Introduction to Kotlin for Android

What is Kotlin?

Kotlin is a statically-typed programming language that runs on the Java virtual machine. It is 100% interoperable with Java™ and Android™. Its primary development is from a team of JetBrains programmers based in Saint Petersburg, Russia. As of Android Studio 3.0 (Beta), Kotlin is a fully supported programming language on Android.

Why Kotlin?

Kotlin is a great fit for developing Android applications, bringing all of the advantages of a modern language to the Android platform without introducing any new restrictions:

Compatibility: Kotlin is fully compatible with JDK 6, ensuring that Kotlin applications can run on older Android devices with no issues. The Kotlin tooling is fully supported in Android Studio and compatible with the Android build system.

Concise: Drastically reduce the amount of boilerplate code.

In Kotlin we can achieve things by writing less code compared to Java. Also, Kotlin is comparatively more readable. For instance, consider this click listener in Java. Everyone uses click listeners in their Android apps, but it takes a lot of code and ceremony in Java just to perform an action on the click of a button.

Now consider how you do it in Kotlin:

Safe: Avoid entire classes of errors such as null pointer exceptions.

We all are fed up with the Null Pointer Exception (NPE) in java. Kotlin handles all NPEs during compile time. Any reference to null throws a compilation error.

Performance: A Kotlin application runs as fast as an equivalent Java one, thanks to very similar bytecode structure. With Kotlin’s support for inline functions, code using lambdas often runs even faster than the same code written in Java.

Interoperability: Kotlin is 100% interoperable with Java, allowing to use all existing Android libraries in a Kotlin application.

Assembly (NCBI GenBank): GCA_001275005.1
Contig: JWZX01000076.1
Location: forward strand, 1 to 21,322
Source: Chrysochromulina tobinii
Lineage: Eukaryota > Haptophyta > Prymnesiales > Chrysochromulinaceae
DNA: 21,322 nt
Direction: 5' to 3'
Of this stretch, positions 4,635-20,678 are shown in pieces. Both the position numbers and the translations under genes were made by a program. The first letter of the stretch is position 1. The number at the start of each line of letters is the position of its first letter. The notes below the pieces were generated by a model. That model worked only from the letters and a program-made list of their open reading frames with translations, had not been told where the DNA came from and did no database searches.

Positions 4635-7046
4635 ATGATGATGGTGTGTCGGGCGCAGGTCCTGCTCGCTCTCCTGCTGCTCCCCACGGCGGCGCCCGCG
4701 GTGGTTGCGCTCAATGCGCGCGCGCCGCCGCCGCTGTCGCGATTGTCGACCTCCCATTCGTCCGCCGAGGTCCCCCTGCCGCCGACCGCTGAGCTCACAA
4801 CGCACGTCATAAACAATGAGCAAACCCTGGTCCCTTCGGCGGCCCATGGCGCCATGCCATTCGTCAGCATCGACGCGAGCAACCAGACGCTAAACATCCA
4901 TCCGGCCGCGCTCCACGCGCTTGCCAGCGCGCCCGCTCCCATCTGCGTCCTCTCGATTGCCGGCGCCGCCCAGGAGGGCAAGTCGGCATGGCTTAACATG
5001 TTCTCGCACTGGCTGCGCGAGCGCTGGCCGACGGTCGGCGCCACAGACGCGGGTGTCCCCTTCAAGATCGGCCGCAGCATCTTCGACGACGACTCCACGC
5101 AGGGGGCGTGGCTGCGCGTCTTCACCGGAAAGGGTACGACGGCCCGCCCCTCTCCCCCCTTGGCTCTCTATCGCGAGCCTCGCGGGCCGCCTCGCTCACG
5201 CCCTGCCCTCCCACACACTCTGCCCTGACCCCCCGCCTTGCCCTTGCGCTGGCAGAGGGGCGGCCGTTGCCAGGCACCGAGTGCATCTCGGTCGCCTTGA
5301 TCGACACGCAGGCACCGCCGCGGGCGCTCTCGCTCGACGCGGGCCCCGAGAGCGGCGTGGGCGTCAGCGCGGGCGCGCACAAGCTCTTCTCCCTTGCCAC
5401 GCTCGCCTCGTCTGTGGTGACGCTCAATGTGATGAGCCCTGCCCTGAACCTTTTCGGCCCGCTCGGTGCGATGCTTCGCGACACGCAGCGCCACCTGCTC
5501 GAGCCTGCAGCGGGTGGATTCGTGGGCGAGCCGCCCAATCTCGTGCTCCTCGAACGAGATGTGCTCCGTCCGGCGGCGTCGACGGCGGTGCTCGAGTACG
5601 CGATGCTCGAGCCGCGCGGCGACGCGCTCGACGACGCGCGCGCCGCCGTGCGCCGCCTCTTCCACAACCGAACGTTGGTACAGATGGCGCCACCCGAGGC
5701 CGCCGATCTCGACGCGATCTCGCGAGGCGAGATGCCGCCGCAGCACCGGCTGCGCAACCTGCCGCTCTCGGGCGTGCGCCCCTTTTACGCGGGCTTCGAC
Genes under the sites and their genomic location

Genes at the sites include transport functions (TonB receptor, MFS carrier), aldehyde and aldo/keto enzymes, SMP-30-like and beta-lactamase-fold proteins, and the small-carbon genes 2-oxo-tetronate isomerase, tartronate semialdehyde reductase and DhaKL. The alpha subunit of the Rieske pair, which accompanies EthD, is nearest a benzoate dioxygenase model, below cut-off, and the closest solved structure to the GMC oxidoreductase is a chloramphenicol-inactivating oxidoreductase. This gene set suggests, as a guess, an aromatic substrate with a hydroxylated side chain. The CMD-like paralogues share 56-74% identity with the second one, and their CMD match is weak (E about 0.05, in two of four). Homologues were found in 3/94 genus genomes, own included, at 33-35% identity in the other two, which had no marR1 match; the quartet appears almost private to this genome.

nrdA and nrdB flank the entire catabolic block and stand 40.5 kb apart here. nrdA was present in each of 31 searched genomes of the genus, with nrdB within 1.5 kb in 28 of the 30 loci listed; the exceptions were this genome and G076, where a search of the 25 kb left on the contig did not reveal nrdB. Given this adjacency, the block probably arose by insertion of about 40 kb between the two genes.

Compilation Time: Kotlin supports efficient incremental compilation, so while there’s some additional overhead for clean builds, incremental builds are usually as fast or faster than with Java.

Learning Curve: For a Java developer, getting started with Kotlin is very easy. The automated Java to Kotlin converter included in the Kotlin plugin helps with the first steps. Kotlin Koans offer a guide through the key features of the language with a series of interactive exercises.

Using Kotlin in Android Studio

Let’s see how can we develop Android apps in Android Studio using Kotlin.

In Android Studio >= 3.0

Android Studio 3.0 officially supports Kotlin. So it will not require any additional configuration to include Kotlin.

Creating new Project

To create new Project using Kotlin, select “Include Kotlin support” checkbox as shown below:

Create new Project using Kotlin

In Android Studio < 3.0

If you are still using Android Studio version previous to 3.0 we strongly recommend you to upgrade to latest version.

Installing Kotlin Plugin

In Android Studio previous to version 3.0, you need to manually download and install the Kolin plugin. To do so, launch Android Studio and in the Welcome to Android Studio screen click on Configure => Plugins. If you have any project open and wish to see Welcome screen, then you can use File => Close Project.

Installing Kotlin in Android Studio 2.2.3

In the window which opens, click on Install JetBrains Plugin as shown below:

Installing JetBrains Plugin

Another window will popup and here search for “Kotlin” in the search bar, select Kotlin from search results and click on Install.

Installing Kotlin in Android Studio from JetBrains

Wait till the installation completes and now either click on “Restart Android Studio” or Restart Android Studio manually.

Configuring Kotlin for the Project

Once you restarted Android Studio, you can create a new project. In order to use Kotlin in the newly created project, you need to Configure Kotlin to your Project.

Configuring Kotlin in Project in Android Studio

Now choose Android with Gradle as the configurator. From the popup that appears, choose whether you want to apply Kotlin for all modules or only for app module.

Configuring Kotlin in Project in Android Studio

Now open build.gradle from Project level, you can see Kotlin dependency added:

In app level gradle file also you will see Kotlin dependency added as highlighted below:

Converting Java code to Kotlin

You can convert code written in Java to Kotlin easily using the following option:

Android Studio: Convert from Kotlin to Java

Now you can see the file converted to Kotlin:

From above code, you observe the following:

  • Kotlin files have .kt extension
  • Semicolons to end a statement are optional in Kotlin
  • fun keyword is used to declare a function.

Creating a new file Kotlin File

To create a new Kotlin file, go to Files => New => Kotlin File/Class

Creating new Kotlin file


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Abhishek loves coding. His favorite is Android Development. Apart from coding he loves traveling and reading.

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